Threat Management, Malware, Ransomware

Russian intelligence service chief says Moscow will work with US to find hackers

Alexander Bortnikov, head of Russia's FSB security agency, said Wednesday morning that Russia would work with the United States to bring criminal hackers to justice.

Bortnikov spent the day speaking at the Moscow International Security Conference, where he emphasized cybersecurity risks to critical IT infrastructure, a worry in line with growing international concern about hackers disrupting critical services.

"We are taking actions within the framework of the agreements that were implemented by our presidents. So we will work together, we hope for reciprocity," he said, answering a reporter's question, as quoted in Russia's state-run RIA news service.

Obtaining Russian cooperation in the fight against cybercrime is considered by most experts a critical component of deterring cybercrime in general and ransomware specifically. Russia is believed by United States and international officials to deliberately avoid investigating cybercrime originating within its borders directed to foreign nations, creating an environment where ransomware operators can attack businesses, governments and other targets with impunity.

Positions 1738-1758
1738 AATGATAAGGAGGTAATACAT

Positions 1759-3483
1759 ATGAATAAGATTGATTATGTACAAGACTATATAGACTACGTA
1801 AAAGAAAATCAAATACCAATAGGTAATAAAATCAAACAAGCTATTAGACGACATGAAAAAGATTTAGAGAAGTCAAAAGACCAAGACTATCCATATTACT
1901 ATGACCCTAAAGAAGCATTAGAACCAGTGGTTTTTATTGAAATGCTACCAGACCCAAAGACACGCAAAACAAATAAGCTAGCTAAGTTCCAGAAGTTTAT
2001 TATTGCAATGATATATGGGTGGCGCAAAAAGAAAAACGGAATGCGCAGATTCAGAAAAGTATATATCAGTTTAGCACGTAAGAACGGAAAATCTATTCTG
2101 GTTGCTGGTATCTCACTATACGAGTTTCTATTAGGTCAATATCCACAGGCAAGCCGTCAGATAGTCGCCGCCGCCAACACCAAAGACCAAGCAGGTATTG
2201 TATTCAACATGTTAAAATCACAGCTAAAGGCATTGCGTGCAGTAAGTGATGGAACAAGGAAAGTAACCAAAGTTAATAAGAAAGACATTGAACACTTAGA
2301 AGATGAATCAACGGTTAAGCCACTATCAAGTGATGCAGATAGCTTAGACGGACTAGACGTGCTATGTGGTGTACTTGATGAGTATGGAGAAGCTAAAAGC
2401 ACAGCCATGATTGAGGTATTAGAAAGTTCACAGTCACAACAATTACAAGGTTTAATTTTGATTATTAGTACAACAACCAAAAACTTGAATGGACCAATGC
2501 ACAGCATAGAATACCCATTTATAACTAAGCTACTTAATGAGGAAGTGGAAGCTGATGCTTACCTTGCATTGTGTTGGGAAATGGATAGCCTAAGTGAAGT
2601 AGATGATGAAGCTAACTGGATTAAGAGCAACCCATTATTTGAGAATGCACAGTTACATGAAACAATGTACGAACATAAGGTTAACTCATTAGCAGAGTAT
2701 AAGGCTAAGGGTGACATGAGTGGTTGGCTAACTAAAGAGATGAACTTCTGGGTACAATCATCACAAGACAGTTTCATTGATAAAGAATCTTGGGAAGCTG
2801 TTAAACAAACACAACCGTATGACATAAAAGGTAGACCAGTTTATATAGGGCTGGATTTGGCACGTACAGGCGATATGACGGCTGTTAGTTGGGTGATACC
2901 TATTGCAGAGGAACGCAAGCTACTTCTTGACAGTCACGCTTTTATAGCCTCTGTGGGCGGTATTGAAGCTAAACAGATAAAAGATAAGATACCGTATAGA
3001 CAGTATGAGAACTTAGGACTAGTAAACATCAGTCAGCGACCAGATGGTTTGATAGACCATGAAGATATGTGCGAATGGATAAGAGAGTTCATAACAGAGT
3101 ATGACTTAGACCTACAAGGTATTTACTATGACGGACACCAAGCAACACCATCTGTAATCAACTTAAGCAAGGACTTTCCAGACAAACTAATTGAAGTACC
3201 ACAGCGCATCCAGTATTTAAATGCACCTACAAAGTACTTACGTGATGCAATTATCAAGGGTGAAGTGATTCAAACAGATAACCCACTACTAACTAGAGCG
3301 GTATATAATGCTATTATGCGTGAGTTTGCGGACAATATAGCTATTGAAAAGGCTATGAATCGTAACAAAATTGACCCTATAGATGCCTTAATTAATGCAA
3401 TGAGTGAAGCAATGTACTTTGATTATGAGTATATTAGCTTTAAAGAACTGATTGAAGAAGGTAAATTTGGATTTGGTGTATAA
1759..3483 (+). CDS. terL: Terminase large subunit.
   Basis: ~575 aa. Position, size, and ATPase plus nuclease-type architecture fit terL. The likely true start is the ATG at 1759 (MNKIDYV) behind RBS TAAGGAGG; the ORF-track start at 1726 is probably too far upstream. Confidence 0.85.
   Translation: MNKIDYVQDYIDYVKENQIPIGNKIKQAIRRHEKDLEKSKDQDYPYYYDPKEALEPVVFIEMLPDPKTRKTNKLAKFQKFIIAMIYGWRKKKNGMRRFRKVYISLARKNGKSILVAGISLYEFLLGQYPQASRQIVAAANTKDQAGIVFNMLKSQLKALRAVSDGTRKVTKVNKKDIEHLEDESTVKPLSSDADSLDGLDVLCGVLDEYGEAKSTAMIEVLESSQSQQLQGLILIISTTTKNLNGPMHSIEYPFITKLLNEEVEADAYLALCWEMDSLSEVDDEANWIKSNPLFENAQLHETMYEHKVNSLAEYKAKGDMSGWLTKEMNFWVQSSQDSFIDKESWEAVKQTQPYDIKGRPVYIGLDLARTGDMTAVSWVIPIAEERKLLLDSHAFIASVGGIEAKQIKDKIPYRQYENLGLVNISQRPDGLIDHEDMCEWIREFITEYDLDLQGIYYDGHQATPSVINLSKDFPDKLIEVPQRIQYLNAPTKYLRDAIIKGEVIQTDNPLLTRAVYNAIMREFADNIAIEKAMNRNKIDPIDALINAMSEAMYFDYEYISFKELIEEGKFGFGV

Hacker groups believed to be located in Russia designed ransomware used in recent incidents at meat processor JBS and the Colonial Pipeline, a key vector for petroleum distribution along the East Coast. The ransomware incident at Colonial Pipeline caused a brief shutdown of services, leading to reported gasoline buying frenzies. Both JBS and Colonial reportedly paid multimillion-dollar ransoms to restore functionality.

While the Biden administration sought Russian cooperation on cybercrime issues during the recent meeting between President Biden and Russian President Vladimir Putin this month in Geneva, there may be two complications in any plan. Sources familiar with United States thinking on the matter believe Russia has in the past used information shared about domestic criminals as a recruitment tool, and Russia has been known to push the boundaries of other reciprocity agreements, using Interpol to pursue dissidents for example.

Joe Uchill

Joe is a senior reporter at SC Weekly, focused on policy issues. He previously covered cybersecurity for Axios, The Hill and the Christian Science Monitor’s short-lived Passcode website.

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